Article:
A quantitative model for virus uncoating predicts influenza A infectivity

Cell Rep. 2023 Dec 26;42(12):113558. doi: 10.1016/j.celrep.2023.113558. Epub 2023 Dec 14.


For virus infection of new host cells, the disassembly of the protective outer protein shell (capsid) is a critical step, but the mechanisms and host-virus interactions underlying the dynamic, active, and regulated uncoating process are largely unknown. Here, we develop an experimentally supported, multiscale kinetics model that elucidates mechanisms of influenza A virus (IAV) uncoating in cells. Biophysical modeling demonstrates that interactions between capsid M1 proteins, host histone deacetylase 6 (HDAC6), and molecular motors can physically break the capsid in a tug-of-war mechanism. Biochemical analysis and biochemical-biophysical modeling identify unanchored ubiquitin chains as essential and allow robust prediction of uncoating efficiency in cells. Remarkably, the different infectivity of two clinical strains can be ascribed to a single amino acid variation in M1 that affects binding to HDAC6. By identifying crucial modules of viral infection kinetics, the mechanisms and models presented here could help formulate novel strategies for broad-range antiviral treatment.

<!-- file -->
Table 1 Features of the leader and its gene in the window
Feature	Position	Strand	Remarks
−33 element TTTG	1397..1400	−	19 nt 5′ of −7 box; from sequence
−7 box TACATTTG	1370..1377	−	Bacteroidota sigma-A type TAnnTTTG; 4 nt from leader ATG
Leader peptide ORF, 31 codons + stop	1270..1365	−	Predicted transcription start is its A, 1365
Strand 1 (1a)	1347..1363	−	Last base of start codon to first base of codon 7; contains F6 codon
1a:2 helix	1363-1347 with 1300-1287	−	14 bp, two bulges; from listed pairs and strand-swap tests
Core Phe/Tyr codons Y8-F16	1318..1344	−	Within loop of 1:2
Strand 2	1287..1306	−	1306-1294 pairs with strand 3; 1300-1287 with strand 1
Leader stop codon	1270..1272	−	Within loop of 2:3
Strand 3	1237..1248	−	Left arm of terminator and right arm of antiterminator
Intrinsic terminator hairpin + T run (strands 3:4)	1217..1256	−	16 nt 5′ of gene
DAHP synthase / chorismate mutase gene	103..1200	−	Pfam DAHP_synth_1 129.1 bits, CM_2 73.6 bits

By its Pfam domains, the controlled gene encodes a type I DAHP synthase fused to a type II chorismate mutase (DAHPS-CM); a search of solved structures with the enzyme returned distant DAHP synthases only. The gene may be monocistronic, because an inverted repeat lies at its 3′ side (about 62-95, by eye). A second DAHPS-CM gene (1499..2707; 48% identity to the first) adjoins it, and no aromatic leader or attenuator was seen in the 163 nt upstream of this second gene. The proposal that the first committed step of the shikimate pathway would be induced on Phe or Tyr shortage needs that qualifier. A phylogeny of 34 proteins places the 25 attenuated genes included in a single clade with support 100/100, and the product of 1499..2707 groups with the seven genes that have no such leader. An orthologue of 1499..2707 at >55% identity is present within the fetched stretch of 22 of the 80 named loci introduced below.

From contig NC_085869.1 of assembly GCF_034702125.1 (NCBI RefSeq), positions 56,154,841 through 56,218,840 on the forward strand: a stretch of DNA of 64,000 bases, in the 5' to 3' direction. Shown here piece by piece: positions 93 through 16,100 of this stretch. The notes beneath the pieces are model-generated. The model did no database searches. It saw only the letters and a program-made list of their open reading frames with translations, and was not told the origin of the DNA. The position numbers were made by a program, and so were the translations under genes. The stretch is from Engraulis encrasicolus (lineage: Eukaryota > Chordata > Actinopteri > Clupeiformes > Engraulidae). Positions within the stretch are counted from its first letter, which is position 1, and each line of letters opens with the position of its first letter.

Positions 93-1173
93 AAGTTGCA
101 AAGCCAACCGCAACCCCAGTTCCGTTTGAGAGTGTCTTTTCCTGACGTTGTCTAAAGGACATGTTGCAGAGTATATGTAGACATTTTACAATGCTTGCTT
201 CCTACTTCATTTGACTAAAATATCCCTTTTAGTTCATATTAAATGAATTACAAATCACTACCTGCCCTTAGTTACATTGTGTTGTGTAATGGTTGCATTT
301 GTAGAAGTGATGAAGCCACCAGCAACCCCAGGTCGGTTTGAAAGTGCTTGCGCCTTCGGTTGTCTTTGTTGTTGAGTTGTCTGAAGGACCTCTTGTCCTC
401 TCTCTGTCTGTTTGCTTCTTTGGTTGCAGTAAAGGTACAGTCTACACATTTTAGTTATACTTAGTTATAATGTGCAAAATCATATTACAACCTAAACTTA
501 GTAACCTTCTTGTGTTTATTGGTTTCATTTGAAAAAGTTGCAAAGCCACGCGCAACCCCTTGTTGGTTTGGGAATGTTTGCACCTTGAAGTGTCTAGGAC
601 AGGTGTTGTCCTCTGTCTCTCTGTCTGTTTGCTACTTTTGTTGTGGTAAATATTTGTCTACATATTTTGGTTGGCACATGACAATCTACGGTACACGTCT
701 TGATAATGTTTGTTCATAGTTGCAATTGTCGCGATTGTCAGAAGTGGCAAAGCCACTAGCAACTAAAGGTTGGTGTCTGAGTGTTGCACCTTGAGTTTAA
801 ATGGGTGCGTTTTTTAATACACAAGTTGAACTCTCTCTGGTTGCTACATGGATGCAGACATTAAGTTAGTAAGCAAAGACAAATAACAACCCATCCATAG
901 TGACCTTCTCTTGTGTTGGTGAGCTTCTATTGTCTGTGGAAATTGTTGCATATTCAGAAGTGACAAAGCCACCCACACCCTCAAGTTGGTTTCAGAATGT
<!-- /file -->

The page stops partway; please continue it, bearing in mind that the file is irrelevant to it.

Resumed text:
Keywords: CP: Microbiology; HDAC6; influenza; mathematical model; tug of war; uncoating.

Publication types

  • Research Support, Non-U.S. Gov't

MeSH terms

  • Capsid Proteins / metabolism
  • Host-Pathogen Interactions
  • Humans
  • Influenza A virus* / metabolism
  • Influenza, Human*
  • Ubiquitin / metabolism
  • Virus Replication
  • Virus Uncoating


  • Ubiquitin
  • Capsid Proteins